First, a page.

Tooele Transcript Bulletin – News in Tooele, Utah

March 29, 2005
Clean wood floors so they’ll look good for life

A wood floor adds character to a room. Oak and maple are the most popular hardwoods used in flooring, but ash, beech, birch, cherry, hickory and walnut are other favorites for floors and decorative accents.

Solid hardwood floors, due to their improved finishes, are among the easiest to keep clean. Prevent damage to your floor with a few simple regular precautions to avoid the need for refinishing.

• Keep the surface clean. Dirt, grit and sand act like sandpaper, scratching, dulling and denting the surface. The easiest way to prevent such damage is to put floor mats at the entrances to catch the dirt before it gets to the floor. Mats are actually good prevention advice for any floor.

• Wipe up water spills as they happen. Standing water can warp a poorly finished hardwood floor.

• For cleaning, avoid oil soaps that may build up on wood. Instead, use cleaners made specifically for wood floors.

• Furniture can dent and scratch wood floors. Put felt pads on the bottom of the legs to reduce scratching and always lift, rather than dragging furniture. Keep in mind that direct sun can discolor your hardwood floor. Close curtains and blinds or add sheer drapes to protect the floor from UV rays.

• It does not require a lot of effort to keep a hardwood floor nice if you maintain it regularly. Keep dust and grit under control by sweeping and dusting regularly. Brooms with fine, exploded ends trap dust. If you choose to vacuum the floor, use the floor brush attachment — never use beater bars. Bare floor attachments are the best way to get rid of all dirt and dust.

• Dust the floor after sweeping to gather up the remaining dust. Adding a special dust mop treatment to the dust mop will increase its effectiveness.

Provided your floor finish is in good condition, it requires the same routine care, regardless of the type of finish. But, your hardwood floor will eventually need extra care. It’s here that much controversy exists.

Some professionals recommend that you damp mop your hardwood floor and others cringe at the suggestion. Just remember, if your floor’s finish is in good shape and mopping is done correctly, the water won’t penetrate even oil and wax finishes.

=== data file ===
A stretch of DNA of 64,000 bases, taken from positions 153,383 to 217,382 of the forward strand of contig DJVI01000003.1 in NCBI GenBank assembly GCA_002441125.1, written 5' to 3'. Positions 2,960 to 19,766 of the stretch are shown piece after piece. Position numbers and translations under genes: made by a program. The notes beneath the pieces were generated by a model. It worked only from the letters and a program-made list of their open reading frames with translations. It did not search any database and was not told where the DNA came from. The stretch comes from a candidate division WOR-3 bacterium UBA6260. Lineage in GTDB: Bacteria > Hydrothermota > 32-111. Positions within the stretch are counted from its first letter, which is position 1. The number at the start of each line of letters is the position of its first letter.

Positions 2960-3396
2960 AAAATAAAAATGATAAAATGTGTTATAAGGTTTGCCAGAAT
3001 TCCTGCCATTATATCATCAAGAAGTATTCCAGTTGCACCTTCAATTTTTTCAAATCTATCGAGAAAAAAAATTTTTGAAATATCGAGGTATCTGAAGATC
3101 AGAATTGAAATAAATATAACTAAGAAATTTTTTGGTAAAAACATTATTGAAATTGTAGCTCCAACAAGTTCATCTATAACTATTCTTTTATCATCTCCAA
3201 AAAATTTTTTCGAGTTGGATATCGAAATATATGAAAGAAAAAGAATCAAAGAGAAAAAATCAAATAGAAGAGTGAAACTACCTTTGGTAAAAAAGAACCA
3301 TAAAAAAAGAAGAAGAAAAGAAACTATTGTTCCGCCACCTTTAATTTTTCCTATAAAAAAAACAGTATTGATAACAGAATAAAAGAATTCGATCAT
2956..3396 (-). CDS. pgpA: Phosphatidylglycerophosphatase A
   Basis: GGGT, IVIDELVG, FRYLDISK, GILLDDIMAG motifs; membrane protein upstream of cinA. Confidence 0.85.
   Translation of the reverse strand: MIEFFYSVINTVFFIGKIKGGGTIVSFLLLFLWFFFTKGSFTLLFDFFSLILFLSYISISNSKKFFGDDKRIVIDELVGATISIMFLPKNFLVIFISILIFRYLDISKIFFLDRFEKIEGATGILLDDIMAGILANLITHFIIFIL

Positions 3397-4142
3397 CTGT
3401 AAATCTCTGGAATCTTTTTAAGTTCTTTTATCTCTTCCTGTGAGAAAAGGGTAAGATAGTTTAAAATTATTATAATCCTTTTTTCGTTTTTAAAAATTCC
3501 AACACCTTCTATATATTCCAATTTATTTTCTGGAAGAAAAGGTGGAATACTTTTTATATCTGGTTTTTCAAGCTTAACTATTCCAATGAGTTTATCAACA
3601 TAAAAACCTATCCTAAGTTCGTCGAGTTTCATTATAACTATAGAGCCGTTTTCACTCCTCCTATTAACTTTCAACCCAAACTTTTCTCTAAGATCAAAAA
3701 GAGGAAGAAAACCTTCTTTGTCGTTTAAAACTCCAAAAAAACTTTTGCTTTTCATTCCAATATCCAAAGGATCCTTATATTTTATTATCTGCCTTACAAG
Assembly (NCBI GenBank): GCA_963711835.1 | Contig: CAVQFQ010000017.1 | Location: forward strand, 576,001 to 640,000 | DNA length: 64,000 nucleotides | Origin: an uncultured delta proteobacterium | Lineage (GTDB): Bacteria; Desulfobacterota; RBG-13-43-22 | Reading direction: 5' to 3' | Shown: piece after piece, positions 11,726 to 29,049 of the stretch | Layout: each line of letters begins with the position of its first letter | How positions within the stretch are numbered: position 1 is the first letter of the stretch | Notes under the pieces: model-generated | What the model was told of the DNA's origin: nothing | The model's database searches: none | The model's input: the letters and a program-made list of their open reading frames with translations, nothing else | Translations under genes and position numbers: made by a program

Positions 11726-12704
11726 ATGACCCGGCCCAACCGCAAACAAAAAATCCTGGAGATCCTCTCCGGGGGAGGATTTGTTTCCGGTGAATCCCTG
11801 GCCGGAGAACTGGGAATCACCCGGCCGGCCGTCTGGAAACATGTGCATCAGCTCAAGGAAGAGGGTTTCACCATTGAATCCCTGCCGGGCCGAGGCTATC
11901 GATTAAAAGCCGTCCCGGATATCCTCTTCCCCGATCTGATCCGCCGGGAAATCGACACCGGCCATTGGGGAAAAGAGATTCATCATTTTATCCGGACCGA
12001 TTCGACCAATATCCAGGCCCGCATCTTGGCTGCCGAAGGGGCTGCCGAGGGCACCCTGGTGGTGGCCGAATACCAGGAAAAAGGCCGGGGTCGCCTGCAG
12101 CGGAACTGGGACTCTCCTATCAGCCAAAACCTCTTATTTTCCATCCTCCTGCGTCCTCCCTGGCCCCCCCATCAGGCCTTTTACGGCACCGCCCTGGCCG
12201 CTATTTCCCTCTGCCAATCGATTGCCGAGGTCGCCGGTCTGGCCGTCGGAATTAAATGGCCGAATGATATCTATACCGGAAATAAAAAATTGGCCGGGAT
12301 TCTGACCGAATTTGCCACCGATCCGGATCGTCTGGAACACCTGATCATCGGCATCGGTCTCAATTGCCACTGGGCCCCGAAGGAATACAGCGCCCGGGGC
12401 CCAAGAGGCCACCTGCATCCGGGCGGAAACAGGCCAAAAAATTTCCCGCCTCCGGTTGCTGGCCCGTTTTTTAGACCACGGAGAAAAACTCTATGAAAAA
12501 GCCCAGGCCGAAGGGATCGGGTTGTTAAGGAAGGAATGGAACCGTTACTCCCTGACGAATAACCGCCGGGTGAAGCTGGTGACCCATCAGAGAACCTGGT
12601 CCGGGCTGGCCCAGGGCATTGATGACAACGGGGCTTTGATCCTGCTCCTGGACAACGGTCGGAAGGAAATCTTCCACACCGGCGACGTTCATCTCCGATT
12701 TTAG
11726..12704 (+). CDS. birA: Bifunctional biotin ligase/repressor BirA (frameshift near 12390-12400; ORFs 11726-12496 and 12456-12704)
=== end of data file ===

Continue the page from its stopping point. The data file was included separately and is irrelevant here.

You’re cleaning the finish, not the wood, so don’t use water if the floor finish is in poor shape.

Damp mopping is a controversial practice for wood floors. Some experts say never to use any water on wood floors. Others say that if your floor is well sealed, even with oils and wax finishes, you should damp mop it regularly to prevent the buildup of dirt. Use a neutral pH wood cleaner and water or follow manufacturer recommendations.

Wring the mop

thoroughly before putting it on the floor and use it to dampen the floor. Dip the mop in clean water, wring it as dry as possible and mop over the floor again.

You are cleaning the finish, so the water will not hurt it. Keep in mind that if the floor is not well sealed, water can damage the wood. Do not use water if the finish is in bad shape.

If they are properly sealed, and the finish is not worn, mop with extra water and cleaner. Vinegar is not an excellent cleaner for floors as it does nothing to remove grease and soil. How often you mop the floors depends on the kind of wear it gets.

At some point you may need to remove or restore the finish on your wood floor. While the same care and maintenance techniques are used for all finishes in good condition, removing or restoring that finish requires different techniques for different finishes. If you don’t know what kind of finish your floor has, ask your contractor or realtor, or try these simple tests.

Surface finishes coat the top of the floor. These include prefinished floors, polyurethane, water-based urethane and catalyzed surfaces.

Most newer floors have surface finishes to form a protective layer on top of the wood.

They are often glossy and may look like a layer of clear plastic on the surface. If the polyurethane is not water based, it will bubble up under a drop of paint remover. Test it in a hidden spot if you need to find out.

These finishes may need to be sanded down with a floor sander before refinishing, or you may be able to get by with removing the finish on just one damaged slat of wood then refinish it with the same finish as the rest of the floor. Some woods are finished with penetrating seals like acrylics, waxes and oils. Oils and waxes penetrate the surface of the floor protecting the wood from within. They usually have as stain or matte finish. If you run your fingers over the wood and feel the grain in it, it is most probably a penetrating seal. Paint remover does not affect a penetrating seal, but wax stripper or ammonia will soften and whiten it.

The advantage of penetrating seals is that they are easy to touch up with a light re-application.

In many cases, stains can be removed by rubbing with Number 2 steel wool and recoating with the same finish.

With proper attention and care, you can enjoy for many years the lovely warmth that a hardwood floor adds to a beautiful room.

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